Is a blank check really a blank check if it comes with stipulations? Can a stated dedication to a player later be used against that player? The team? The situation with the Ottawa Senators - specifically between their owner, Eugene Melnyk and their former captain, Daniel Alfredsson - is a case study in how messages can get mixed up. Fans can be forgiven for not knowing which, if any, side to take.
Melnyk has been asked repeatedly to explain how the Senators didn't retain the services of their most recognizable and beloved player. Again and again, it has come back to money, which is always a concerning thing for fans of a team to hear. If a team doesn't have the funds to sign its top player, then what? What else does he not have the funds to do? According to Melnyk, he did have the funds to sign Alfredsson, just not to upgrade the team as well like Alfie reportedly requested.
In an exclusive interview with the Citizen, Melnyk said the team wouldn’t have been able to afford a player the calibre of Bobby Ryan — the Anaheim Ducks’ star forward the team dealt for hours after learning Alfredsson would sign elsewhere — and meet the numbers put forward by Alfredsson’s camp.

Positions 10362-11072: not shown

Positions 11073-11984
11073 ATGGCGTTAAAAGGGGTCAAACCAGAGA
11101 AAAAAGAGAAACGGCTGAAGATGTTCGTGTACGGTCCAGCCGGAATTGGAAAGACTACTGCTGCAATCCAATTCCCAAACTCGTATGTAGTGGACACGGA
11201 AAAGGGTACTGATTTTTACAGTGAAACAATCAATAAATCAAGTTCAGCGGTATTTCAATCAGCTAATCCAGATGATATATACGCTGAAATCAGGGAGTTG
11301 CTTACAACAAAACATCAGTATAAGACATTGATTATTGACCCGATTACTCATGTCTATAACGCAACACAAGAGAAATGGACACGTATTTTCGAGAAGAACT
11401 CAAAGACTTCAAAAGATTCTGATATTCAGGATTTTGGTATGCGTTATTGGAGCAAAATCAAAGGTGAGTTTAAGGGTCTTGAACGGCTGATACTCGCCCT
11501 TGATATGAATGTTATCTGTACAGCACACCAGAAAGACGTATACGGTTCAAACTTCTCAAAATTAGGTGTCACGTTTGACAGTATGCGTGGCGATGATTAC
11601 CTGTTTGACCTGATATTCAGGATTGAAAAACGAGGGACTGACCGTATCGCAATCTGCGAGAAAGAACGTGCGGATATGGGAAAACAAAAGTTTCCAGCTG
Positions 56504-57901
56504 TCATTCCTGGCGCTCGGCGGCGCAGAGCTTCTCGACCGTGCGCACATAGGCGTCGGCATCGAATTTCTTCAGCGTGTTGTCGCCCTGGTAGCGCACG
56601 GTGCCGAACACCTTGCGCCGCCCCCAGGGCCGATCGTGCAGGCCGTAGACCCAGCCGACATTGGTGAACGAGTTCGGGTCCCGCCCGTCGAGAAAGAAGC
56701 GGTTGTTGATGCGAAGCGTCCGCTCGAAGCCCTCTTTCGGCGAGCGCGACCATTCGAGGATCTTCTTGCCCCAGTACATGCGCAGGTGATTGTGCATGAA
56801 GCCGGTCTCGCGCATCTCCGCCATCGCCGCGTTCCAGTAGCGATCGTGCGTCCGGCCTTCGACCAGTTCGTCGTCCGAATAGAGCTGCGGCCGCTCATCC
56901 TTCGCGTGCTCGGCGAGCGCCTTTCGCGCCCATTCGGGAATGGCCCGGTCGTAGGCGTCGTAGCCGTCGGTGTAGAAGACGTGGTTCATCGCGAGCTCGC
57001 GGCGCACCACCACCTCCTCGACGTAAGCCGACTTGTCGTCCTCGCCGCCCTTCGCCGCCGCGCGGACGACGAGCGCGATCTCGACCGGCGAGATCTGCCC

“You can’t have it both ways and say, ‘Well I want this for me, but I want you to do this with me and the team.’ It’s ‘which one do you want?’”
Melnyk says he eventually told general manager Bryan Murray: “We won’t be able to spend that kind of money, so don’t promise that we’re going to bring anybody else in other than filling a hole that was there.”
Interesting. Did Alfredsson specially say "I want Bobby Ryan?" Did he say "hey, I sense a few holes here, could you do what you can to upgrade them?"
Whatever the case may be, the now infamous Blank Check applied only to Alfredsson's salary, not any other requests that he might have had. One only has to look at Alfredsson's last contract with the Senators to see where Melnyk's "him or the team" argument falls through. Alfie signed for a four year deal at a team-friendly cap-hit of $4,816,951. His paycheck started at $7 million for the first two years, then dropped to $4,500,000 before plunging to just a million dollars.
The cap hit is friendly, presumably because he wanted you to use some of that space to sign players that would help the team. You get the last two seasons of Alfredsson for far, far less than that cap-hit. Now Melnyk is saying a team upgrade wouldn't be possible, not just because he didn't have the funds before when he was underpaying his team's captain, but because he wouldn't have the funds to pay him for one more season.
The Red Wings signed Alfredsson to a one-year deal worth $5,500,000 thanks to $2 million in bonuses. Yes, it would have been a raise for the Senators, but not a huge one. It seems that more and more the fact that Alfredsson will retire a Red Wing comes down to the fact that Melnyk either cannot or does not want to spend money, not to Alfredsson's salary demands.
If Melnyk is trying to pin the problem on Alfredsson, he needs to try harder.